Western civilisation based on the Bible

Today, in the 21st century, we have the privilege of enjoying the last thousands of years in which the entire western world was built upon biblical foundations and was fashioned accordingly. That privilege that did not exist then, for the people of Israel. The reason we know today that stealing and committing murder is wrong is because our parents and the society we live in educated us in accordance to these moral standards, and that’s the way it’s been for the last thousands of years. And, as we all know, the foundations for the entire western world are based on another Jewish book, the New Testament. This is what Jesus taught, concerning the commandments of the Torah:

“Because of your hardness of heart Moses allowed you… but from the beginning it was not so.” (Matthew 19:8)

Because of the hardness of our hearts, we were allowed to take revenge, to get divorced, to take slaves, and so forth. But originally, things were different. In other words, we can find God’s ultimate standards way before the Torah was given, back in the beginning – before sin permeated creation, and before Adam and Eve were kicked out of the Garden of Eden. God’s standards are not “Do not murder” – “Do not murder” is only a preventive and a restraint. God’s standard is to love, to love even your adversary.

“But I say to you who hear, Love your enemies, do good to those who hate you, bless those who curse you, pray for those who abuse you.” Luke 6:27-28

God’s standard is not “Do not steal” – rather that we need to be generous towards everyone.

“Give, and it will be given to you. Good measure, pressed down, shaken together, running over, will be put into your lap. For with the measure you use it will be measured back to you.” Luke 6:38 

The first attribute of the commandments is that their purpose was to restrict the behavior of the Israelites. The corrupted heart of man is sort of like an animal infected with rabies, that must be quarantined so it won’t hurt others. This is what the commandments did for the children of Israel, they restrained and restricted all their terrible behaviors. Take for example a well known commandment:

“Eye for eye, tooth for tooth, hand for hand, foot for foot, burn for burn, wound for wound, stripe for stripe.” Exodus 21:24-25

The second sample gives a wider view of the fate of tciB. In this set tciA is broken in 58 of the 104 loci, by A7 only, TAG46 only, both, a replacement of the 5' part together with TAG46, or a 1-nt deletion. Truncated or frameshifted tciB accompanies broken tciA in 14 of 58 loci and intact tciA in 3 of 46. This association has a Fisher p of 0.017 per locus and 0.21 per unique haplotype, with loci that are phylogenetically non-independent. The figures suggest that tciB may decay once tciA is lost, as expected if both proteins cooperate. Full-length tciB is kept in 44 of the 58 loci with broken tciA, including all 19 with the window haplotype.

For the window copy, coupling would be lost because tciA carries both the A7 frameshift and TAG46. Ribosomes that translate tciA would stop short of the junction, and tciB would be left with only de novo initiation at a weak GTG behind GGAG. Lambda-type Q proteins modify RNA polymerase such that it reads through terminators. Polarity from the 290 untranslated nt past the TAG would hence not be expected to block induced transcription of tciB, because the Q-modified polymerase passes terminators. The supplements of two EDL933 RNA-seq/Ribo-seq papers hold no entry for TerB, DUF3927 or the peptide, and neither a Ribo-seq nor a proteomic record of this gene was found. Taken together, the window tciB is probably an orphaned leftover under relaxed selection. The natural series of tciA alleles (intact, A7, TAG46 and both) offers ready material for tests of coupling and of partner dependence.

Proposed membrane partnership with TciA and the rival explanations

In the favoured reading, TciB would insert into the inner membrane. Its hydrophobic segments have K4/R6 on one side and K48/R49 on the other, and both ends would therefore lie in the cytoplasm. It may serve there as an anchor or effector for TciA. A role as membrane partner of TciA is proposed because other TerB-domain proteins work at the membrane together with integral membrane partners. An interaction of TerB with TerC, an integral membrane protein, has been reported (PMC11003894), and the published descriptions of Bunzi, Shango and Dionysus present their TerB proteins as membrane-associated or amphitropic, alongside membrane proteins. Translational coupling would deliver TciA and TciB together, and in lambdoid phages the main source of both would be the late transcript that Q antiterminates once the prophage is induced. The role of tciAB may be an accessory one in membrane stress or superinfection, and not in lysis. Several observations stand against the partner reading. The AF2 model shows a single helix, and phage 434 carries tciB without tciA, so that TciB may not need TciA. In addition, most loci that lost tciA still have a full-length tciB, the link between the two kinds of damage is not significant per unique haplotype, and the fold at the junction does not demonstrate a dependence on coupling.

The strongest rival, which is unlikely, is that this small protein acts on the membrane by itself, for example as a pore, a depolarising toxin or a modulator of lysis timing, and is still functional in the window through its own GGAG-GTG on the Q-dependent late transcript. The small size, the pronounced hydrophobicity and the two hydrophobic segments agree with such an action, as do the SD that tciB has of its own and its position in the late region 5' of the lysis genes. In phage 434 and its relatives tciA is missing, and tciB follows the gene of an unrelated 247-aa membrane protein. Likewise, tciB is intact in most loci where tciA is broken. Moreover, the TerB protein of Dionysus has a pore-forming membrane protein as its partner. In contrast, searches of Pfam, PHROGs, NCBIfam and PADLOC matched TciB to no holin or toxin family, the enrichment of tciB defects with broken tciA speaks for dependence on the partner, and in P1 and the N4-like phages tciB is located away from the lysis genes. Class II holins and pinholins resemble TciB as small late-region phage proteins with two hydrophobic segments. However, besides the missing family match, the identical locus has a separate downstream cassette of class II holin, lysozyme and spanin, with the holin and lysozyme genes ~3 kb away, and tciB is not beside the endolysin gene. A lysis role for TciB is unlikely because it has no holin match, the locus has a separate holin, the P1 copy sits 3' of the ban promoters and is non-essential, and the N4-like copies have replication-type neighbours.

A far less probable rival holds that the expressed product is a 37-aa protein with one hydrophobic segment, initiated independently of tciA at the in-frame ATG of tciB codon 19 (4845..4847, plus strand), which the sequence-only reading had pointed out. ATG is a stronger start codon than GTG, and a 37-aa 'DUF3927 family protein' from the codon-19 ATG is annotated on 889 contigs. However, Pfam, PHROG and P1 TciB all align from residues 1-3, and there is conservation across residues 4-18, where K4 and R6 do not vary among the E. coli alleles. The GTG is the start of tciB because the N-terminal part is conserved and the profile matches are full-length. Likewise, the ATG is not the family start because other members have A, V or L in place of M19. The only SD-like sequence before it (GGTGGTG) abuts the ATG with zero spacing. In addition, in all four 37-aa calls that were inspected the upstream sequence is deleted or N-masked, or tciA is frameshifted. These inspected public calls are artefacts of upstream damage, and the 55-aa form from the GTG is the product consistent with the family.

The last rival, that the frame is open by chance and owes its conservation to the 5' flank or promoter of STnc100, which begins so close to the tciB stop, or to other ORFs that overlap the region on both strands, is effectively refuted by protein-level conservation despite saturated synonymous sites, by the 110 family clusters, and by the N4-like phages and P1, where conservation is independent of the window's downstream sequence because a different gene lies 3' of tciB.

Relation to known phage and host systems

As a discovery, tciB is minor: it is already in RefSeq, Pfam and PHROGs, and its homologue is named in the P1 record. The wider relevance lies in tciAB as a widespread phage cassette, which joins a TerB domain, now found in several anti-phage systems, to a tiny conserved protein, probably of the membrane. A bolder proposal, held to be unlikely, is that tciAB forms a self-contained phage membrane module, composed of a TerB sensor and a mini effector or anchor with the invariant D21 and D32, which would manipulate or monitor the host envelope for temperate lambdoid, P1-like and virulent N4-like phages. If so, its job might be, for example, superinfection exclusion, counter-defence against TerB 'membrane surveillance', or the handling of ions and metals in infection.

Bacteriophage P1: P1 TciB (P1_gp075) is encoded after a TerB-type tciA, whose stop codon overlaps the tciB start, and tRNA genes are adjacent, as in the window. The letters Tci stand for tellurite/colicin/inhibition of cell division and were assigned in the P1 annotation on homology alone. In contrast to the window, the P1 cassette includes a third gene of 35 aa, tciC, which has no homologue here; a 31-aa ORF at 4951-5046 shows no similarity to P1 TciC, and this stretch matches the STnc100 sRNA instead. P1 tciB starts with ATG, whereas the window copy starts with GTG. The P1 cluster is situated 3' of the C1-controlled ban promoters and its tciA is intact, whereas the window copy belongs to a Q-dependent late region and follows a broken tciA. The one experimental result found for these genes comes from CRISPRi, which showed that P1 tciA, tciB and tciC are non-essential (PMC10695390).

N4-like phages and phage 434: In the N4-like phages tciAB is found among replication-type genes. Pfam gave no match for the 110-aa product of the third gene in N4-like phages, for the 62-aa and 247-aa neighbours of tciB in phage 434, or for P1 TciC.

Remember that we’re talking here about a culture of barbaric, cruel, vengeful, blood-thirsty people. The purpose of this commandment was to restrain and restrict this vindictive spirit. If someone hurts you, you can’t kill him or his child as an act of revenge. The revenge you’re allowed to take is restricted and is in accordance to the damage he’s done to you; “wound for wound”. Yet again, this is not a picture of God’s ultimate moral standards.

God’s ultimate moral standards

God’s ultimate moral standards are forgiveness, harmony, and unity, not revenge and discord. Take note that in the Sermon on the Mount Jesus talks about these very verses:

“You have heard that it was said, ‘An eye for an eye and a tooth for a tooth.’ But I say to you, Do not resist the one who is evil. But if anyone slaps you on the right cheek, turn to him the other also. And if anyone would sue you and take your tunic, let him have your cloak as well. And if anyone forces you to go one mile, go with him two miles. Give to the one who begs from you, and do not refuse the one who would borrow from you. “You have heard that it was said, ‘You shall love your neighbor and hate your enemy.’ But I say to you, Love your enemies and pray for those who persecute you,” Matthew 5:38-44

Let’s go over this passage verse by verse:

“You have heard that it was said, ‘An eye for an eye and a tooth for a tooth.’ But I say to you, do not resist the one who is evil.” Matthew 5:38-39